Formaldehyde in clothing and textiles
Last update 1 May 2013
CAS No: 50-00-0
Health effects of formaldehyde
Existing industrial chemicals are assessed by the National Industrial Chemicals Notification and Assessment Scheme (NICNAS) on a priority basis, in response to specific concerns about potential health and/or environmental effects. NICNAS conducted a full review of the use and toxicity of formaldehyde.
The NICNAS assessment found that the most likely health effects arising from release of formaldehyde from domestic products such as blankets and clothing textiles are irritation of the eyes and nose, and allergic reactions on skin in contact with the clothes.
Breathing formaldehyde vapour can result in irritation of nerves in the eyes and nose, which may cause burning, stinging or itching sensations, a sore throat, teary eyes, blocked sinuses, runny nose, and sneezing.
Skin contact with formaldehyde can cause skin rashes and allergic skin reactions. The levels of exposure which may cause these allergic reactions will vary between individuals, and will depend in part on the individual's previous allergy history. Instances of dermatitis arising from wearing clothing containing high levels of formaldehyde have been documented.
The NICNAS review also found that formaldehyde can have other health effects, but these occur at much higher levels than can be released from textile products.
Formaldehyde in textiles
Formaldehyde is released by some textile finishes, such as those conferring crease resistance, while the garment is new. These finishes are most likely to be used on fabrics that otherwise crease easily, such as cotton or wool. Formaldehyde is very water soluble, and washing the new garments before wearing will generally reduce the amount of formaldehyde released from the fabric.
The NICNAS review recommended that formaldehyde should be subjected to more restrictions under the Standard for the Uniform Scheduling of Medicines and Poisons (SUSMP). NICNAS is also liaising with the Australian Competition and Consumer Commission (ACCC) on the issue of health effects arising from residual formaldehyde in clothing.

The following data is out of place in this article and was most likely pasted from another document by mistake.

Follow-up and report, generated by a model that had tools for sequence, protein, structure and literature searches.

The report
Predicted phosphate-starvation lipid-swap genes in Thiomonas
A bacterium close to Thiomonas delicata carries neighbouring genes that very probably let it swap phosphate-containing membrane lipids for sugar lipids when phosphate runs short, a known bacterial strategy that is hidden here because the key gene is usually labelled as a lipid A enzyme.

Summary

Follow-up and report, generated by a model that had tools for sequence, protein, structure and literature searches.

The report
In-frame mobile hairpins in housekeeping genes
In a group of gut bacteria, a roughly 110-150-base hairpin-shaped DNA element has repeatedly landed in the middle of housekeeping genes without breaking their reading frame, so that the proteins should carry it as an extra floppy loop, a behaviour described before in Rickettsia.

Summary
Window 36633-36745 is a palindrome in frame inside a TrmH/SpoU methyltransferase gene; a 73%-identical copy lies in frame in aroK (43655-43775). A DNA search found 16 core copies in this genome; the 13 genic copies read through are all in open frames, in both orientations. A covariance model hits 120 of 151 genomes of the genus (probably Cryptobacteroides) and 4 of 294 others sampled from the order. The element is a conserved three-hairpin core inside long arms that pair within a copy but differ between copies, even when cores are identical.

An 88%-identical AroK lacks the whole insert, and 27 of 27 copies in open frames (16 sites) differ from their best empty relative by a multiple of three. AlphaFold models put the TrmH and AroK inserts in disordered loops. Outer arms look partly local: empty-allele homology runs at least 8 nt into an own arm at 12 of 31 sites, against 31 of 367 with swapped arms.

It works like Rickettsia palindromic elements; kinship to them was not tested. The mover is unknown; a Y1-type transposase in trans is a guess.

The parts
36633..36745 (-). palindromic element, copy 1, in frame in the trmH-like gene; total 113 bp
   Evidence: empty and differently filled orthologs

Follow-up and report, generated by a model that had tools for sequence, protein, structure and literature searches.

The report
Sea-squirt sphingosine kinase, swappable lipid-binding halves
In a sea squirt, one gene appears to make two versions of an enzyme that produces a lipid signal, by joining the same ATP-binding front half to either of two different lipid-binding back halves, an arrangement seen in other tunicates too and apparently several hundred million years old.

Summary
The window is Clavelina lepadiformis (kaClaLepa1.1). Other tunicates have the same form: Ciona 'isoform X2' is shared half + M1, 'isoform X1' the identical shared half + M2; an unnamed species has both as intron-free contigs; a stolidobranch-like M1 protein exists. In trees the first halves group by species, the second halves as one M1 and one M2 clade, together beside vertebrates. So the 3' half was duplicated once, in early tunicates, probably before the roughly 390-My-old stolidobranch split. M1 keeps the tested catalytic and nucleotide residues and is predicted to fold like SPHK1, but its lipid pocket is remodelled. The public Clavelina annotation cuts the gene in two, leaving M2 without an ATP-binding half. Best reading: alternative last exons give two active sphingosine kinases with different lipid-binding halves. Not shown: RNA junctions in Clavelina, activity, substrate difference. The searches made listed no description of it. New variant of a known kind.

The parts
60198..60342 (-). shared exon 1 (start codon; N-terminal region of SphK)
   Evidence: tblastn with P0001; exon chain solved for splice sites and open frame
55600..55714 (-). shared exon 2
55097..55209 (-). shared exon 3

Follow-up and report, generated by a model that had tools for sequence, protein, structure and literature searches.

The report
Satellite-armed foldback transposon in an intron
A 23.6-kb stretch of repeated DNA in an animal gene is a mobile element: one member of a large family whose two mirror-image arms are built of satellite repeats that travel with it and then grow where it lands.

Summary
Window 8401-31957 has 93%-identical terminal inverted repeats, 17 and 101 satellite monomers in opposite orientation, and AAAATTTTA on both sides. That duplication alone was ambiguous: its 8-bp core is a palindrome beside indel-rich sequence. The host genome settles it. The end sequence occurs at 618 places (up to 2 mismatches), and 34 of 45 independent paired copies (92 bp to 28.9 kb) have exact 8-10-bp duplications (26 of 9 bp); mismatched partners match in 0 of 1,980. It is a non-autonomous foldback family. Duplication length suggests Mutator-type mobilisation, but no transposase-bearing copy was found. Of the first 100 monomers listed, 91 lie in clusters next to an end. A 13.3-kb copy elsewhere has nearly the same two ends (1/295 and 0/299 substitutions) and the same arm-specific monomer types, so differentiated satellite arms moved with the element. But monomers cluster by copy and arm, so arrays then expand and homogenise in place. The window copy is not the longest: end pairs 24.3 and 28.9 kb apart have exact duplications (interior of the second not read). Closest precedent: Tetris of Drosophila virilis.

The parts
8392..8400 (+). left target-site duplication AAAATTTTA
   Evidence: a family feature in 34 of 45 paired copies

The interim benchmark residue levels announced by the ACCC are consistent with the most stringent international formaldehyde restrictions. These limits are based on international standard methods for measurement of the formaldehyde content of clothing, and cannot be compared with results obtained by other measurement methods.
Testing for formaldehyde in Australian clothing
The ACCC completed an initial program of purchasing a broad range of clothing on the Australian market and testing for residual formaldehyde content, using two recognised testing authorities in Australia. No formaldehyde was detected in any of the garments submitted. Clothing tested included infants', children's and adults' garments such as shorts, shirts, trousers, tops and nightwear. For details, please see the Product Safety Australia section of the ACCC website.
The ACCC testing program is ongoing, and may lead to recalls of any textile products with excessive levels of formaldehyde. It is recommended that consumers with a history of allergy wash new garments prior to wearing.